The device itself is rock solid. Like most current-gen HTC devices, it's built like a tank, and feels like it could withstand some serious abuse (though naturally it's purdy enough that you'd never want to test that theory). It's not without fault though; the select and back keys are dangerously close, causing jump-backs from apps a little too frequently. The touch-strip HTC originally envisioned for the Excalibur has been replaced with a touch-sensitive volume keys, which are horrid for in-call use without pulling the phone away from your head. No tactility -- no good.
The keyboard, arguably the most important aspect of this device, is so-so. It does have good tactility, but our unit didn't register all our keypresses when we were typing quickly (and that's not due to the usual Smartphone two-keys-at-once bug). The spacebar is a bit irksome, as depressing the right side (with our right thumb) would often yield the opposite of what we just mentioned: a space, but no feedback (thus causing us to hit space more than once between words). The addition of AKU3 in this phone gives it XT9 support (which is as useful as it is irritating), as well as hold-down alt keys. The XT9 predictive text engine for QWERTY devices would be welcome if it came with some easy mechanism for turning it on and off, but sadly it does not -- this was confirmed with a number of other Dash users. Our Dash's XT9 would turn on for entering addressees in emails, but would mysteriously turn off when moving to the subject or body fields. Despite a few resets, the problem persisted; it's impossible to engage and disengage at will, something we're hoping they'll fix sooner than later.
On the other hand, hold-down alt keys is a newish feature we can't live without. Instead of hitting alt and dialing a key to get its alternate character (say, alt-l for $), just hold down l for a sec and $ just shows up. Unless you're really into typing llllllllllllll... you'll be happy that now you don't have to hit that alt key as much. We thought it was a bit of a bummer that the only key to engage the camera is slyly placed to the right of the space bar -- not terribly obvious when most devices have side-mounted camera buttons to more quickly and intuitively engage one of the device's most used features.
XT9 in action.
The volume strip settings.
A quick tour through the Dash yields the usual Smartphone fare, generally unencumbered by a ton of operator-installed crapware. The Dash is pretty lean, coming out of box with myFaves, an Oz-based mutli-IM client, a convenient email setup wizard, a new version of the HTC comm manager (below), and the usual WinMo standard apps.
myFaves is pretty easy to setup and use on the device; the update for our Dash was rolled out over the air, and we didn't have to touch a thing. Unfortunately without unlocking the extended ROM, we have no way of removing the myFaves app from the phone and putting it on our other WinMo Smartphones, nor is Tmo making the application available to current devices like the SDA, even though the software obviously exists. (More on that another time.) If you don't want myFaves on your today screen, though, you can pretty easily take it off.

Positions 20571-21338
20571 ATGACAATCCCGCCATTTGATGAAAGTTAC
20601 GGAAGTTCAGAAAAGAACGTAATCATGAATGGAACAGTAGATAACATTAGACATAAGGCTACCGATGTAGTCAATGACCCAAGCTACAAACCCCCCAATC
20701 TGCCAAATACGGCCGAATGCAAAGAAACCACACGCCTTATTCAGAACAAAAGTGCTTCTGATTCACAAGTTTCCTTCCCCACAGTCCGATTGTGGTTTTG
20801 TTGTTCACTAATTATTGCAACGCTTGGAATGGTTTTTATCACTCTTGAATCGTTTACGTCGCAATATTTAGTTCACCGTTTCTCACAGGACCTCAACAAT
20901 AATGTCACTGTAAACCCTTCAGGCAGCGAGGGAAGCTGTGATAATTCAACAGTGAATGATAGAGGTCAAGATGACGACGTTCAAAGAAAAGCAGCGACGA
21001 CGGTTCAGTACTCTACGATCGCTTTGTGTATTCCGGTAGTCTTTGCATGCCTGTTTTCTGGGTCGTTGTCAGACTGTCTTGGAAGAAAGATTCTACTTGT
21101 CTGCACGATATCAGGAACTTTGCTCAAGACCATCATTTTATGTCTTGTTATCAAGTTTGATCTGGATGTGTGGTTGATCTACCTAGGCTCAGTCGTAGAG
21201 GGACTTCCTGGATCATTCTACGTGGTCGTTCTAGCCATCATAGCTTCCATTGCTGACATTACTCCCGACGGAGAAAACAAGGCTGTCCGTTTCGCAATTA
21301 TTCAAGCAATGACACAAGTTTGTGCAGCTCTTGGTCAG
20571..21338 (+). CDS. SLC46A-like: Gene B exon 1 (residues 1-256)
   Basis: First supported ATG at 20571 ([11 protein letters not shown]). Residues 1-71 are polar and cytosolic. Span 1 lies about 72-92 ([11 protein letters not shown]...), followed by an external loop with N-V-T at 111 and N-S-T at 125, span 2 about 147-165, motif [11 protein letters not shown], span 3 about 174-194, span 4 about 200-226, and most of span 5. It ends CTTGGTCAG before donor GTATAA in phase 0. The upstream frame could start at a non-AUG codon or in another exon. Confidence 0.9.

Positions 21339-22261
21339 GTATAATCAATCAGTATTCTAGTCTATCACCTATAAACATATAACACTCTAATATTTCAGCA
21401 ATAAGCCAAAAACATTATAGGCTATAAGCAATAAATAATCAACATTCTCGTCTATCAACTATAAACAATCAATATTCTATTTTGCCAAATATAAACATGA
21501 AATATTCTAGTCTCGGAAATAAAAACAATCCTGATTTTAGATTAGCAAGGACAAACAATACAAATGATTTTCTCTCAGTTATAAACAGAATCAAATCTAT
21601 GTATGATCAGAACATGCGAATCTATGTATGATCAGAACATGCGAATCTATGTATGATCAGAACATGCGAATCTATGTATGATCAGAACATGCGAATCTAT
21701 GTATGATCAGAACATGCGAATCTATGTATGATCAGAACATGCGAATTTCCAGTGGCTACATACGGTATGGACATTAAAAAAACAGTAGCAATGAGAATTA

The email setup wizard is a very convenient way to add your server-based email -- it assumes the settings from a number of typically used presets (i.e. it guesses mail.yourdomain.com and tries your user/pass there, etc.) taking a bit of the legwork out of the email setup procedure. We don't really think setting up mobile Outlook email wasn't that hard to begin with -- especially if you're the type to actually use WinMo -- but hey, every little bit helps.
Otherwise the device is about what you'd expect; the EDGE is speedy (for EDGE, anyway, which we've grown disturbingly used to), and the WiFi is useful -- but not that useful. It does indeed lack an external audio port, but has the newish HTC-standard extUSB port (pictured above), which makes use of the otherwise bare bottom half of the mini USB connector for audio-out purposes. Pretty irritating to have to use an adapter, but hey, it's 2006 and you've got alternatives: this phone supports A2DP and AVRC, so you've really no excuse to be running some ugly cable out of a device as pretty as this.
We know what you're burning to ask, though: how does it stack up against the Q? Well, when it comes down to it they're actually two very different devices. Radios excepted, we find the Dash preferable; though it's only got a 200MHz OMAP processor compared to the Q's 312MHz XScale, but it comes equipped with an additional 64MB flash memory. The Dash only has a 960mAh battery compared to the Q's 1130mAh power pack, but under normal usage the Dash held up quite well. So those specs are kind of tit for tat, but the Dash is just so much less utilitarian looking and clunky feeling. It's the slim Smartphone perfected. No, what's really at hand here is your data usage. Do you need 3G, or are you content with Tmo's $30 per month EDGE and WiFi bundle? Both phones are priced at parity, so your buying decision is more likely to come down to data, and less likely to depend upon flash memory or a millimeter of thickness.
But in terms of aesthetics and the ever-powerful touchability, the Dash has it in spades. Its shape and soft touch finish make it far more comfortable to hold in the hand than almost any other Smartphone we can think of in the US market (though it'll have some real competition when the Treo 750 lands on Cingular). In case you couldn't already tell, we feel pretty comfortable recommending this phone to anyone willing to put up with the inherent pains of Smartphone, with or without Tmo's tweaks and myFaves calling service.